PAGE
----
“As we continue to grow into new markets, we will continue to look for ways to help our customers realize supply chain efficiencies and, along with them, a stronger bottom line,” says Anomatic president and CEO Scott Rusch.
Quality is of course of utmost concern, and some brands have chosen to move back to the U.S. to assure this, but suppliers who produce for a global market also utilize U.S. manufacturing to support their efforts in multiple regions of the world. Ultimately, wherever their goods are produced, most brands feel compelled to find suppliers that offer a combo of price, quality and service.
Striking a Balance
Denise Greenwell, brand marketing director, consumer packaging division, Berry Plastics Corporation, headquartered in Evansville, IN, comments: “During this political season, it appears that this topic is more front and center than ever, yet the world is a much smaller place then it was 50 years ago. Price, quality, and service will always be at the forefront of the buying cycle. Sourcing globally has become commonplace and just makes good business sense. Technology makes communicating easier and faster in many parts of the world. Consumers want great value in the products they buy, and to remain competitive, some things may need to be sourced outside the U.S.”
Greenwell says the advantages for both brands and suppliers depend upon a variety of factors, such as companies that may be thinking of the country/region regulations and laws that constrain the ability to source internationally. She says, “I think it is important to note that each company is different, and therefore their sourcing and customer values are also different.” Berry, she says, is fortunate to serve all sizes of customers, so they might provide different benefits to each one. “Some smaller customers might find value in packaging made domestically, while larger, multinational CPGs might be looking for manufacturing local to their consumers.”
Over the past decade, a rise in overseas wages has allowed U.S.-based firms to remain competitive, making the option more attractive.
Jack Albanese, director of new business development, at Lombardi Design and Manufacturing, Freeport, NY, agrees that often there’s a balance between what is done overseas or, domestically in the U.S.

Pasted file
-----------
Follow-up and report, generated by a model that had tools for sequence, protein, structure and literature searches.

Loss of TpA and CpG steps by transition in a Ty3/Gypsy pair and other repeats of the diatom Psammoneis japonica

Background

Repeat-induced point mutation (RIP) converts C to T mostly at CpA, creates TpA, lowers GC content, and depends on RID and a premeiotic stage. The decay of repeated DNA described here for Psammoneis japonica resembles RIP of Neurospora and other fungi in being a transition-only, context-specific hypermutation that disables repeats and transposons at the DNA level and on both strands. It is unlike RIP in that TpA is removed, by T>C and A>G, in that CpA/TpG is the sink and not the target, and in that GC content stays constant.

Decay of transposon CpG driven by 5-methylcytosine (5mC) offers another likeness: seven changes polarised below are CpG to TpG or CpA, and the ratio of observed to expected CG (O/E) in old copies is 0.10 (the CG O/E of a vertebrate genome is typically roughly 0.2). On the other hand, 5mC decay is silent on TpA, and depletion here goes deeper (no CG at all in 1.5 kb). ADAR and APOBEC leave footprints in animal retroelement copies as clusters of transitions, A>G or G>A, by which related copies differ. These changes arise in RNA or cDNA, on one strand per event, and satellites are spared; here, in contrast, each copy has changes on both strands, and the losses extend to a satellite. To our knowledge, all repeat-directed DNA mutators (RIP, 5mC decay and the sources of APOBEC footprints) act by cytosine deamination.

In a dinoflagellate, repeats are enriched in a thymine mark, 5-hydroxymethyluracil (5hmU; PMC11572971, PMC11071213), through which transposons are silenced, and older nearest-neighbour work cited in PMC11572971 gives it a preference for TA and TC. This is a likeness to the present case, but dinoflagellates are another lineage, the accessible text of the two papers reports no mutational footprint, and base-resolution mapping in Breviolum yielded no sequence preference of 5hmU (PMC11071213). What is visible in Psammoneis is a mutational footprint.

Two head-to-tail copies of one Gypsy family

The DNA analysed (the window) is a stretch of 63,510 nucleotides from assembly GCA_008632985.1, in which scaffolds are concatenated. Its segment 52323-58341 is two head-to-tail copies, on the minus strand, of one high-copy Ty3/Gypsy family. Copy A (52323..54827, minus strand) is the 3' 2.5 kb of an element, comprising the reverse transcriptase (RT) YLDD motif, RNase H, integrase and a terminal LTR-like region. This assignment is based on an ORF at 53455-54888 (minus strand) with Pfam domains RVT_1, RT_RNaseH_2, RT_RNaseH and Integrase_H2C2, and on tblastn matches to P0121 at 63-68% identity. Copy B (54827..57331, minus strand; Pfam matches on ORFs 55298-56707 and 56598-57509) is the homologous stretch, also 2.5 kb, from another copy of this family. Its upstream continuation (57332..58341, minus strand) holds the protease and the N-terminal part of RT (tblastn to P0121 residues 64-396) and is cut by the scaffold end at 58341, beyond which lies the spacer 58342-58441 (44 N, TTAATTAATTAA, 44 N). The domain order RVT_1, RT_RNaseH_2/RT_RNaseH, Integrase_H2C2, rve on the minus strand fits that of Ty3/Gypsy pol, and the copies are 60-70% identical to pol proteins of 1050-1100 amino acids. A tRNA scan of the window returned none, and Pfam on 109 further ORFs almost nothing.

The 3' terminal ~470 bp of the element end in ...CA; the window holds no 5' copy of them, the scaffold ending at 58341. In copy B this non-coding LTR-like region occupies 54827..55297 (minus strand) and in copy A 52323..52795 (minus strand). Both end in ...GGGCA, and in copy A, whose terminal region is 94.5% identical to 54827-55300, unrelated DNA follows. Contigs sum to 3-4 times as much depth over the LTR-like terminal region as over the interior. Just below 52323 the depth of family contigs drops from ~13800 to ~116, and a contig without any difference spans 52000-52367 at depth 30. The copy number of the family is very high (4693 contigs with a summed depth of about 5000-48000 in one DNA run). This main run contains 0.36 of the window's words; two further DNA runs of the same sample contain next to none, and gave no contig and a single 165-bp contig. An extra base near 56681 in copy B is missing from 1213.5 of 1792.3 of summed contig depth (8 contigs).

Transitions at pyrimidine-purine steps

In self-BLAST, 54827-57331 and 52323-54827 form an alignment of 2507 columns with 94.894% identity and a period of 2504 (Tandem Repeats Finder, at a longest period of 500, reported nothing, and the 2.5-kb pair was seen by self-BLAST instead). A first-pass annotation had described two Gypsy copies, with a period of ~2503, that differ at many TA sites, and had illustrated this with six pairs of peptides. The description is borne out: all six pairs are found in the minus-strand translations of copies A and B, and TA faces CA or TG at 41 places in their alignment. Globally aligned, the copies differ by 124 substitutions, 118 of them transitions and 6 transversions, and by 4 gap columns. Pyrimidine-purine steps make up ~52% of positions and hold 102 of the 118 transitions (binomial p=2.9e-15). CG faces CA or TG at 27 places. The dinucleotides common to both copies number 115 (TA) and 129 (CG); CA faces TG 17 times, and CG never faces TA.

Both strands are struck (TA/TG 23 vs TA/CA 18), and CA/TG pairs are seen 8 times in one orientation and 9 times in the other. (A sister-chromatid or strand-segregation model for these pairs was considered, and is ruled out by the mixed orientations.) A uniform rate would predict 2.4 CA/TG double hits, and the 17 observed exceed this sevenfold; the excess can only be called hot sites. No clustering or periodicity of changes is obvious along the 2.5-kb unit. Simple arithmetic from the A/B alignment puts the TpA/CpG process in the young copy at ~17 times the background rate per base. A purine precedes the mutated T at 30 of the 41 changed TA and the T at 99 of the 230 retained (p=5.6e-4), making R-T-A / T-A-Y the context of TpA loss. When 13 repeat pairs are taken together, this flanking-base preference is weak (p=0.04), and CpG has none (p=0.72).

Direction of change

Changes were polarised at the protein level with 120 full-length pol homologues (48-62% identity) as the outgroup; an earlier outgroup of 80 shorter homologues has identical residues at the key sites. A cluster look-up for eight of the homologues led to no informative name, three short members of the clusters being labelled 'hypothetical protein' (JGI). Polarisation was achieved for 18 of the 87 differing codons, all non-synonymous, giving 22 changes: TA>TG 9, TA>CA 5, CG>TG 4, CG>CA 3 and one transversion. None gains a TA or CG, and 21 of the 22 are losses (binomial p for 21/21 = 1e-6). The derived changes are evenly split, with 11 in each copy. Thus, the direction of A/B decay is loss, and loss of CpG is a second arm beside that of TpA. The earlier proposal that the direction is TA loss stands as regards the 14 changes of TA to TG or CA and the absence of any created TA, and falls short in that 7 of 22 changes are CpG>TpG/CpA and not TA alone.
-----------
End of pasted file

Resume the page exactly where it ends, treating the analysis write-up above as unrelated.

He says, “No longer are the days when brands directed work to Asia based on a perception of cost savings. Many of our customers have realized the true cost of doing business overseas.” He explains, “As we know, it’s a lot more than just the piece price. That’s not to say that Asia doesn’t have a place—it certainly does—it’s just that we’re witnessing a balancing of production, which is a good thing for domestic manufacturers.”
Is it becoming more of a priority?
“For our customers,” says Albanese, “regionalization has become a stronger driver. With much of product filling occurring in North America, that’s an advantage for companies long established here, like Lombardi.”
Albanese points to the Ed Hardy Skull and Roses EDT as an example of Lombardi’s U.S.-based capabilities—and global reach. At the conceptual stage, Lombardi designed and presented a 3D printed model of the cap & bottle as one of the early concepts being considered. Albanese says, “Our concept was immediately chosen and needed to be tooled quickly in order to meet the challenging timeline, which placed filling in New Jersey weeks later. We actually built the cap molds at our toolmaker in China and shipped them to our Long Island headquarters in time for our local production. This program demonstrated how we could impact development positively, resulting in the successful production launch locally in the U.S.”
Similar to Lombardi and other suppliers interviewed for this article, Parkway Plastics is conveniently located to serve large East Coast beauty brands, and says this proximity lends to cost-saving benefits as well as easy availability.